The California Consumer Privacy Act (CCPA), effective Jan. 1, 2020, will require more privacy transparency and choice for consumers than they have ever had under U.S. law, but its approach to providing consumers with the right to opt out of a sale of their personal information threatens to disrupt the third-party digital advertising ecosystem. Most consumers are aware that adtech has evolved to enable tracking technologies to monitor online usage across time and sites in order to build interest profiles tied to pseudonymous identifiers and thereby permit advertisers to send ads tailored to likely interests. Consumers benefit from getting more relevant ads, which advertisers will pay more to place, which in turn generates more revenue for publishers, thereby fostering free, ad-supported content that also benefits consumers. Win-win, right? Not so fast, some say; tracking and targeting is intrusive, or at least creepy, and consumers should have a choice about who can learn what about them and use that information to advertise to them. In response to that consumer concern, the U.S. advertising industry developed a transparency and choice paradigm that relies on notices and opt-outs. (Learn more about that here and here.) In addition, users of online services can employ techniques such as using ad blockers and limiting cookies. Google recently announced that it will ban device fingerprinting for ad personalization, citing lack of user transparency and control, and will enable users to block third-party cookies, a typical adtech tool, while permitting first-party cookies, a typical publisher tool. However, the CCPA is poised to upset this approach to consumer choice through its “do-not-sell” right, which provides an opt-out choice for consumers age 16 and older, but requires opt-in for youth between 13 and 16, and parental consent for children under 13. Continue Reading
Financial institutions that are subject to the Gramm-Leach Bliley Act (GLBA) can find practical tips that address their unique data security challenges in the 2019 Data Security Incident Report (DSIR). It appears that money remains a strong motivating force for many threat actors. According to the 2019 report, finance and insurance remain among the sectors most heavily impacted by data security incidents, with 19% of data at risk involving a financial account. Phishing (responsible for 37% of all incidents, according to our DSIR) and credential stuffing are among the primary ways that hackers can obtain the keys to a consumer’s financial kingdom – the username and password to an individual’s financial accounts. Armed with these credentials, threat actors can purchase goods or wire, transfer or otherwise move funds out of those accounts with remarkable speed and efficiency. Although multifactor authentication has become increasingly standard for money movement and other higher-risk financial account activity at major financial institutions, as reflected in GBLA regulatory guidance relating to authentication in an internet banking environment, threat actors have proven increasingly cunning, often taking over email accounts and spoofing mobile device IDs where financial institutions send one-time-PIN codes, in order to render these multifactor safeguards ineffective. Continue Reading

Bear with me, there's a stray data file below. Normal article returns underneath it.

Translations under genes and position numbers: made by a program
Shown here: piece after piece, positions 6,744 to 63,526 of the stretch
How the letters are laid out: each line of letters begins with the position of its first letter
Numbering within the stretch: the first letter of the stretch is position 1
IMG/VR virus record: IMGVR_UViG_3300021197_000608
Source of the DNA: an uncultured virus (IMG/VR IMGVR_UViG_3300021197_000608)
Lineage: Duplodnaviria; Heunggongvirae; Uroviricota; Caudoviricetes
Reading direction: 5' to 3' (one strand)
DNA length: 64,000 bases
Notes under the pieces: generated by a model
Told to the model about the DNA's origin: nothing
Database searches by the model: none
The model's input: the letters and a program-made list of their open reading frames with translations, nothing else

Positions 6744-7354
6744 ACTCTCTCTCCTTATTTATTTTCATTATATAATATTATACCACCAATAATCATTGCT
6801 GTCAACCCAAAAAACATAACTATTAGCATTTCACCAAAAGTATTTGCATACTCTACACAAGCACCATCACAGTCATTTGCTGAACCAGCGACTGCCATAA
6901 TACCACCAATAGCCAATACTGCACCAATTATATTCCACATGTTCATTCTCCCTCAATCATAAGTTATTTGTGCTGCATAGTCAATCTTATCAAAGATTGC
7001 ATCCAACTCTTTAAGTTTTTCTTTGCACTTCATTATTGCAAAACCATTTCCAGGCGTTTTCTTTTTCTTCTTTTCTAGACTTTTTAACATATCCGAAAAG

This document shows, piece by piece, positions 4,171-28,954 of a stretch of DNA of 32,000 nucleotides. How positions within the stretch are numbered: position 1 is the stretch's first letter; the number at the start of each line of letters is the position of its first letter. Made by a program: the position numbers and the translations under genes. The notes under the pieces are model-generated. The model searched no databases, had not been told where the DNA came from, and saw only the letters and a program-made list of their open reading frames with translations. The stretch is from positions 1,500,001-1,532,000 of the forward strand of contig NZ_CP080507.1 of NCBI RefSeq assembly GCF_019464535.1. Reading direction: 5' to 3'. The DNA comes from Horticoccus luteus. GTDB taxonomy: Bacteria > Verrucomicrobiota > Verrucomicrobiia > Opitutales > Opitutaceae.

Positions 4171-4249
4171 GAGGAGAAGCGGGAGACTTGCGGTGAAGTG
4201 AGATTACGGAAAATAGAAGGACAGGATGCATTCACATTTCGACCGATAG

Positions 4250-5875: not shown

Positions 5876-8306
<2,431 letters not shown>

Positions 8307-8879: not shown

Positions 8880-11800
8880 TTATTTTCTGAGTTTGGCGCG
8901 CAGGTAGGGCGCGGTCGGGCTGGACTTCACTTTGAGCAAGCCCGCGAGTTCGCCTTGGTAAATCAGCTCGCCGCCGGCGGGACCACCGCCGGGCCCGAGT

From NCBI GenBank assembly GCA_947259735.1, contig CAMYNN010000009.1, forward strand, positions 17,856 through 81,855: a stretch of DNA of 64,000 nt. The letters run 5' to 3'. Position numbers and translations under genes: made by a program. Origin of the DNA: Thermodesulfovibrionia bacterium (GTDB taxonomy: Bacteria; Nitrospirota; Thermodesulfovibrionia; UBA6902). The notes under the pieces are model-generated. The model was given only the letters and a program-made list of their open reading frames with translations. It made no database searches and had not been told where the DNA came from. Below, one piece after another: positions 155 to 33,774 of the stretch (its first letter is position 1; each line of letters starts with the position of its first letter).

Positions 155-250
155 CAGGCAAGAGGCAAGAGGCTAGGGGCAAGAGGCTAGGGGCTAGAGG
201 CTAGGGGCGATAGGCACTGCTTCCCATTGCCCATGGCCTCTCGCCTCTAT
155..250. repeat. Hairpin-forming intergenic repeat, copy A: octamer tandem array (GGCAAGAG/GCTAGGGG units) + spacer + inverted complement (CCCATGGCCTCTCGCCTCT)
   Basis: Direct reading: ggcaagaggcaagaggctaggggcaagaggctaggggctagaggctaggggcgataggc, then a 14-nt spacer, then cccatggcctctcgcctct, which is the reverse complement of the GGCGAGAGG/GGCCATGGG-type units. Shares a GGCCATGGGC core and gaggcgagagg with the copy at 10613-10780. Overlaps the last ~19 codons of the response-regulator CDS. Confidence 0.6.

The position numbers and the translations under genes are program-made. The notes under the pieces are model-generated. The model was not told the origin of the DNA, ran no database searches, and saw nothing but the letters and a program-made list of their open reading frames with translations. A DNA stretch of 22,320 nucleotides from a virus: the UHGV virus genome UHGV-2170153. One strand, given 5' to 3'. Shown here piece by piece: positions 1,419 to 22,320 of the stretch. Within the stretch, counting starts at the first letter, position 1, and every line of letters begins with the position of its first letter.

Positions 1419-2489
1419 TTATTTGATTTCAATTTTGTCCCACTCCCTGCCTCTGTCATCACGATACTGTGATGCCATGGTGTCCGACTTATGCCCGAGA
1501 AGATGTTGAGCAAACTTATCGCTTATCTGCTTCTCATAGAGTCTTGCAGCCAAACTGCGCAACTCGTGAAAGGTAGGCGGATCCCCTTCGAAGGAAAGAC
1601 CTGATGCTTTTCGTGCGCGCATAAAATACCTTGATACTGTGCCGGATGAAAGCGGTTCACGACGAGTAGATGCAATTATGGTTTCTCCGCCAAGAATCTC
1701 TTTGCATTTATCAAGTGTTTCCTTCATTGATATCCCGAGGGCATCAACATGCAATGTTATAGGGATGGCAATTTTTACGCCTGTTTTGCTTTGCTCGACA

There is always significant negotiation around caps on liability when negotiating a contract with a technology vendor. If the vendor will have access to the personal information of its customers’ end users (regardless of whether the end users are employees or customers), treatment on caps on liability take on heightened importance. In fact, limitations of liability are a key indicator of the allocation of risk between the parties. Both parties are seeking to insulate themselves from liability and minimize the financial harm in the event of a data security incident. Vendors have become increasingly reluctant to provide unlimited liability to protect customers against harms caused by security incidents, going to great lengths to narrowly tailor the situations under which the vendors will bear risk. Customers have been increasingly reluctant to have a data security incident classified as a regular contract breach and subject to regular contract damages. The resulting compromise, in many instances, is the “super cap.” The super cap is a number greater than the general cap on liability, but less than unlimited liability. It can exist in many forms; for example, as a multiple of fees paid, a multiple against 12 months’ fees paid, a number tied to insurance coverage or a flat dollar amount. Continue Reading